Garland Jeffreys’ successful second act continues at age 71
0 Comments · Monday, November 3, 2014
Veteran singer/songwriters stop performing and recording for all kinds of reasons — health, fatigue, lack of success, too much success or changes in music trends all sometimes figure into it. But the reason the New York City-based musician Garland Jeffreys, who will be performing Wednesday at Southgate House Revival, didn’t issue a U.S. album of new material from 1992 until 2011 because he wanted to spend time with his daughter.
Plus, YouTube launches messy music awards and James Blake and Lou Reed name mixups
0 Comments · Wednesday, November 6, 2013
Britney Spears' music gets used as a pirate repellent and to tell the story of Jesus, the YouTube Music Awards were an unfocused mess, some dumb social media users mix up their Lous and James Blake wins the Mercury Prize, then gets dissed during his introduction.
0 Comments · Wednesday, October 30, 2013
Cincy: Let’s Get Wasted in Public: Sometimes questions kind of answer
themselves, like when you’re offered a sample of a little cracker in the
grocery store and you feel like eating a cracker. An Enquirer
headline today prompted a similar response, as its story titled, “Want
to drink in the street?” was likely met by most readers with an excited,
by Zohair Hussain
Remembering Lou Reed
I was a few months shy of 16
when I first heard the lucidly stark voice of Lou Reed stream over the
airwaves. I was just another suburban weirdo, looking for a justified rebellion
to call his own. I had spent those “formative years” sleeping around with any
album loud enough to drown out my inner white noise, moving through a steady
stream of Hardcore, Punk, Metal — if
they were screaming it, I was buying it. As it turns out, though, what I was
really looking for was a quieter sort of revolution, and at the helm was Mr.
Lou Reed, telling me with a frank honesty that there was freedom in the
composition. It was, like any great lesson, one I’d come to learn in time. To say I enjoyed those first striking chords of “Heroin” would be an
understatement. It was on a snowy night in 2007, crammed in the back of a
friend's Yaris Liftback, when I first heard it. I can’t remember exactly where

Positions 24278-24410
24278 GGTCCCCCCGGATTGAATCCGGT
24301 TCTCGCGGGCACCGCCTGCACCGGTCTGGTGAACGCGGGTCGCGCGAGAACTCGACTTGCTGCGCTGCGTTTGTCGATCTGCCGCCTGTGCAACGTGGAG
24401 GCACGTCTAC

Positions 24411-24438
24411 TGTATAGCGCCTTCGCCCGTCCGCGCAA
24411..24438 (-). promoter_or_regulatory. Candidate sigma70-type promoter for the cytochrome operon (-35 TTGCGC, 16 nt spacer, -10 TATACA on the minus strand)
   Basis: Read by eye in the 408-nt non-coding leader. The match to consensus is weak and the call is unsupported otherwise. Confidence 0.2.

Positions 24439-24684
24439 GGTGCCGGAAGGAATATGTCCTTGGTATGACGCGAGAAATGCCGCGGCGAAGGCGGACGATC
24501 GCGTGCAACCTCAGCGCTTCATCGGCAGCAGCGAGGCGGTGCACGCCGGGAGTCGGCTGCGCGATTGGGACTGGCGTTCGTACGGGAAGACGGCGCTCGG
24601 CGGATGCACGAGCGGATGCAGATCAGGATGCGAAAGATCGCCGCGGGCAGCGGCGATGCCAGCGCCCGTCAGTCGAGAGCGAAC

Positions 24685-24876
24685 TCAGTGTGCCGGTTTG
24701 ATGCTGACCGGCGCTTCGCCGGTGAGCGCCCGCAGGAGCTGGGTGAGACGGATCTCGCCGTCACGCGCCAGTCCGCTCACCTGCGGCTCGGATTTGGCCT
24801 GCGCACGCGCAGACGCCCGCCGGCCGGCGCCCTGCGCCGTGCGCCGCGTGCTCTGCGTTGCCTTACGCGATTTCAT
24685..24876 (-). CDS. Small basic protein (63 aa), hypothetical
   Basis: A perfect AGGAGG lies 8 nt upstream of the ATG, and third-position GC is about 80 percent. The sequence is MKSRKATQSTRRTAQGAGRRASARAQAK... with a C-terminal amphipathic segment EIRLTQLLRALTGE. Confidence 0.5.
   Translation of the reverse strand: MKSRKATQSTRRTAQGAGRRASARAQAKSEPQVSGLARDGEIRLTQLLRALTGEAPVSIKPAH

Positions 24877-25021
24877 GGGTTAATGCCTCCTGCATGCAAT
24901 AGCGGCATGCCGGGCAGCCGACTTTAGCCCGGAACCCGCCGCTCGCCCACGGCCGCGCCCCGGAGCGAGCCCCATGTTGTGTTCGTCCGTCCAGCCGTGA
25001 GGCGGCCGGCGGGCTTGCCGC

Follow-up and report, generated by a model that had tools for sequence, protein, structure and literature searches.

we were previous to that moment, when that raw melody first came in. All I can
remember is how I suddenly became more aware of myself than ever before.
Everything I knew about music, about artistry, about writing — all of it would
change with that first overlap of beautiful melody. I was mesmerized, shaken
from a stupor of conditioned knowledge and thrown into a concoction of John
Cale’s haunting strings with Lou Reed’s candid crooning. By the time Maureen
Tucker’s drumming kicked in, sparse in its reverberation, my resolve would be
just as stripped, replaced by a wily knot that would take years to untie.
Though, right then, the song was just “fucking awesome.”
It would only be years later, waking up to a chilled October morning in 2013,
that this memory would even begin to matter. As the headlines would come to
read, “Lou Reed Dead at 71,” so, too, would the horizon appear most clearly.
I’ve always been a firm believer in the crossover of influences, the
collaboration of mediums in shaping any sort of artistry. As a writer, I can
proudly say that the recorded sound has had just as much influence on me as the
written word. And when I heard the Velvet Underground for the first time, it
became clear that they believed in a similar marriage, affirmed on the morning
of Oct. 27. With the news of the passing of a legend came an onslaught of
anecdotes from around the arts world, plastered against my computer screen. Amidst
the mass of legends, one story stood out in particular.
As according to
Rolling Stone, it was
1965, and the first few months of the Velvet Underground playing under their
iconic moniker. They had began a residency playing in New York’s Café Bizarre
and in the beginning stages of developing their distorted and chaotically
composed sound. Management was set on having performers play more contemporary
numbers, and warned the band not to play their original composition “Black
Angel Death Song.” They went on to perform the number anyway, fit with all the
chilling accidentals in its string arrangements, and were fired immediately.Though they would emerge from that loss victorious (it led to their
introduction to Andy Warhol, the man who would come to produce their record and
put them on the map of the underground art scene of ‘60s New York), there was
something bigger about that moment, something more pressing in my association
Incidentally, “Black Angel Death Song” was the first thing I clicked on Sunday
morning when I heard the news of its writer’s passing. The strings were
suddenly more haunting, and the story seemed all the more important. It was yet
another quintessential moment in the life of Lou Reed, a man who sang with
unbridled frankness, who played with unencumbered passion, and who inspired me
with the tirelessness of his dedication to honest expression. It transported me
back, seven years and a lifetime ago, to that night in December 2007, when I
first pricked my ears with another of his songs, that found, all at once, both
comfort and chaos within itself. Though I’d spend the lapsed time between 2007